PostPosted: Thu Sep 22, 2011 7:38 pm    Post subject: Reply with quote

DMoore wrote:
Stacy, I have a question. The LanguageLink website eludes to provided housing, but the email that I received from someone there made it sound like I had to find my own and they would reimburse me. Can you shed some light on this? Did they provide you with a flat or did you have to find your own?


They found me a flat and placed me in a good location for me. I understood when I applied that I would only have to find my own flat if I chose to, and then Language Link would reimburse me up to a certain amount. I would definitely ask for details, because I can't imagine that they've changed this in the last 3 months.

Good luck and keep me updated. Let me know if you show up in Moscow!
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DMoore



Joined: 10 Sep 2011
Posts: 5
Location: Columbus, Ohio, USA

PostPosted: Sat Sep 24, 2011 2:54 am    Post subject: Reply with quote

Stacy, so far, have you had any issues with getting paid or with getting the hours you were promised?
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ancient_dweller



Joined: 12 Aug 2010
Posts: 415
Location: Woodland Bench

PostPosted: Sat Sep 24, 2011 2:09 pm    Post subject: Reply with quote

getting paid depends on how well you get along with the department that pays you. they can make it difficult or easy wherever you are. although, language link, as i understood is a series of franchises and getting paid is a very personal thing to each one. obviously, they always aim to pay on time. you just have to view the pay date as an 'on or around date' so you won't be disappointed. you may even find they'll pay a little earlier sometimes. as for not getting paid at all - i've never heard that happen anywhere (on an ongoing basis that is - i've heard the last payment has been forgotten about sometimes).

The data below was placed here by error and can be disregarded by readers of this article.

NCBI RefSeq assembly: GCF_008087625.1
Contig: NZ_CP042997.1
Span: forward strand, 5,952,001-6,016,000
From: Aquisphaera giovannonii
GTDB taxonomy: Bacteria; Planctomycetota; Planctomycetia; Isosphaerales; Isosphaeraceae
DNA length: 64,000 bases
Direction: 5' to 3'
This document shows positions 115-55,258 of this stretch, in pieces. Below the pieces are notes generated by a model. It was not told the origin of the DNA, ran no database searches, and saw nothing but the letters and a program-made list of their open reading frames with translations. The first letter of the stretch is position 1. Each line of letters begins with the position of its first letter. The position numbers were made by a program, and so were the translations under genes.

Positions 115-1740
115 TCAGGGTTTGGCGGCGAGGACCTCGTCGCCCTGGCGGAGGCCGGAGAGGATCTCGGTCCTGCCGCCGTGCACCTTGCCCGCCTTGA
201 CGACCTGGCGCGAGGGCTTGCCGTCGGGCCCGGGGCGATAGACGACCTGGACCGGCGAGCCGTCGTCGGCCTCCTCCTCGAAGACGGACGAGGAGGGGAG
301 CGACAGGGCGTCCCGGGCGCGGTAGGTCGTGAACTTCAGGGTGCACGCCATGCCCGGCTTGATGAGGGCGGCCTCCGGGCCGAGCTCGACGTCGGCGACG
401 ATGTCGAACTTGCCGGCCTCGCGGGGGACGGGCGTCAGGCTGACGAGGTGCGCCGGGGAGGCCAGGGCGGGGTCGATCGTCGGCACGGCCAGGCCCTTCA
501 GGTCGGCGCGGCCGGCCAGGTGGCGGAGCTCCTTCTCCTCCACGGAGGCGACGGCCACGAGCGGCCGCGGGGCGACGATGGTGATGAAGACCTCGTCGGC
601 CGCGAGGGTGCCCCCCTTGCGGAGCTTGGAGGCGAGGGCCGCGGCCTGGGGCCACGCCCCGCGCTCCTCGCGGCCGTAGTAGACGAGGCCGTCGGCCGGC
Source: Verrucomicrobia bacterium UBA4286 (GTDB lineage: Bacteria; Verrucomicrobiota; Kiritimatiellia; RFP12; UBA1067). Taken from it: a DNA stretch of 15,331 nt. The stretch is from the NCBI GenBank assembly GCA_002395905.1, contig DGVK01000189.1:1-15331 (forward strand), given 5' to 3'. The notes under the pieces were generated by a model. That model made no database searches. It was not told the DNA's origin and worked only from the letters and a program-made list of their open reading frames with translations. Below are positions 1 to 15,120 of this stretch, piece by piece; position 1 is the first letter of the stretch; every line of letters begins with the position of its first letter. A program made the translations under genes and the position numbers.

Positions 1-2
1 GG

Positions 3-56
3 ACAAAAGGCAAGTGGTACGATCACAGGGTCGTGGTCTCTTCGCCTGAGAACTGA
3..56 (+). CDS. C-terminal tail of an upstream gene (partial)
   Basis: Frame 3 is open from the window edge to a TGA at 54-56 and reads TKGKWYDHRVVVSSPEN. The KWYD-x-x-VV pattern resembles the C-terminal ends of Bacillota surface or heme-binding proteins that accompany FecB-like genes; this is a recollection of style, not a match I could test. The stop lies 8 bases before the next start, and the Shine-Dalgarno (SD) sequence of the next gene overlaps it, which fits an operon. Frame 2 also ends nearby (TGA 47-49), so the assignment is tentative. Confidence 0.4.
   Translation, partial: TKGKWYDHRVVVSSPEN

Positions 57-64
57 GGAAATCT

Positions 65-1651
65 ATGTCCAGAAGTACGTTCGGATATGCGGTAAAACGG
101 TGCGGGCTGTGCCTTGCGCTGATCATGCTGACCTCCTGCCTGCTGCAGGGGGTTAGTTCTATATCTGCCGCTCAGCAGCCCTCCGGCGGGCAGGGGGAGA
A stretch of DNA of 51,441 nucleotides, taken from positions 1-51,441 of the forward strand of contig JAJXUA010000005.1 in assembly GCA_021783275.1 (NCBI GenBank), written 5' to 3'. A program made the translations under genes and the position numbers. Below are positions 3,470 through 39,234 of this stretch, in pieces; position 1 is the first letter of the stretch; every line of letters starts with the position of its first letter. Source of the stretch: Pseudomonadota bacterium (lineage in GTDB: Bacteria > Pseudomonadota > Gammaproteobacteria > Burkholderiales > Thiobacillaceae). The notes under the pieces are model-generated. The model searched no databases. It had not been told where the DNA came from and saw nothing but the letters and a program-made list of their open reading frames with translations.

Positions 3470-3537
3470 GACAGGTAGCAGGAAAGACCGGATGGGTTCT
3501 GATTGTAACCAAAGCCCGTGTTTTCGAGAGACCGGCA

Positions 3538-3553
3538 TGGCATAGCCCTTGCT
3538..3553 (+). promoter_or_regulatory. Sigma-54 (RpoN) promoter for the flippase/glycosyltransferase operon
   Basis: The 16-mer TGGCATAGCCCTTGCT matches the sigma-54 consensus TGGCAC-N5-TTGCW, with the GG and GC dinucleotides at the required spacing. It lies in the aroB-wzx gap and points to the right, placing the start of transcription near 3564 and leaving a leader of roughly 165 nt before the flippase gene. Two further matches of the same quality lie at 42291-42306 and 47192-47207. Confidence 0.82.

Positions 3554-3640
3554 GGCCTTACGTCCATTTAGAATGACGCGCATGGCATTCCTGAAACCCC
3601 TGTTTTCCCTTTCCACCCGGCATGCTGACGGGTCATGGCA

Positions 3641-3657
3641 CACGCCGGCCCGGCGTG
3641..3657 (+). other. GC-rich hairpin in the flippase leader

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ancient_dweller



Joined: 12 Aug 2010
Posts: 415
Location: Woodland Bench

PostPosted: Sat Sep 24, 2011 2:12 pm    Post subject: Reply with quote

i can't remember what happened to the topic on here. but there was in depth discussion about the 'tricks' played by schools. not getting paid at all is rare.

but, offers of hours is very common. they ask you what you want and then lure you in with the offer of getting your prize choice but always give you something else and say 'oh ye, that special one you want is still thinking, but i think she wants it'. Cool
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stacyrey



Joined: 10 May 2011
Posts: 19

PostPosted: Sat Sep 24, 2011 2:46 pm    Post subject: Reply with quote

DMoore wrote:
Stacy, so far, have you had any issues with getting paid or with getting the hours you were promised?


I wasn't promised any hours. I knew coming here that I would not have a "good" schedule. I am actually not even up to a full schedule yet. I'm at 26 and am contracted up to 30, with anything over being overtime.

I just got paid Thursday, at the central office, and had no problem. I am at the central school, though, so I can't speak about any others. The office has a list of all teachers to be paid, they count your money out, you recount it, they cross you off the list, and you sign a form for the amount, etc. You keep half of the form. I feel like they are aboveboard and fair.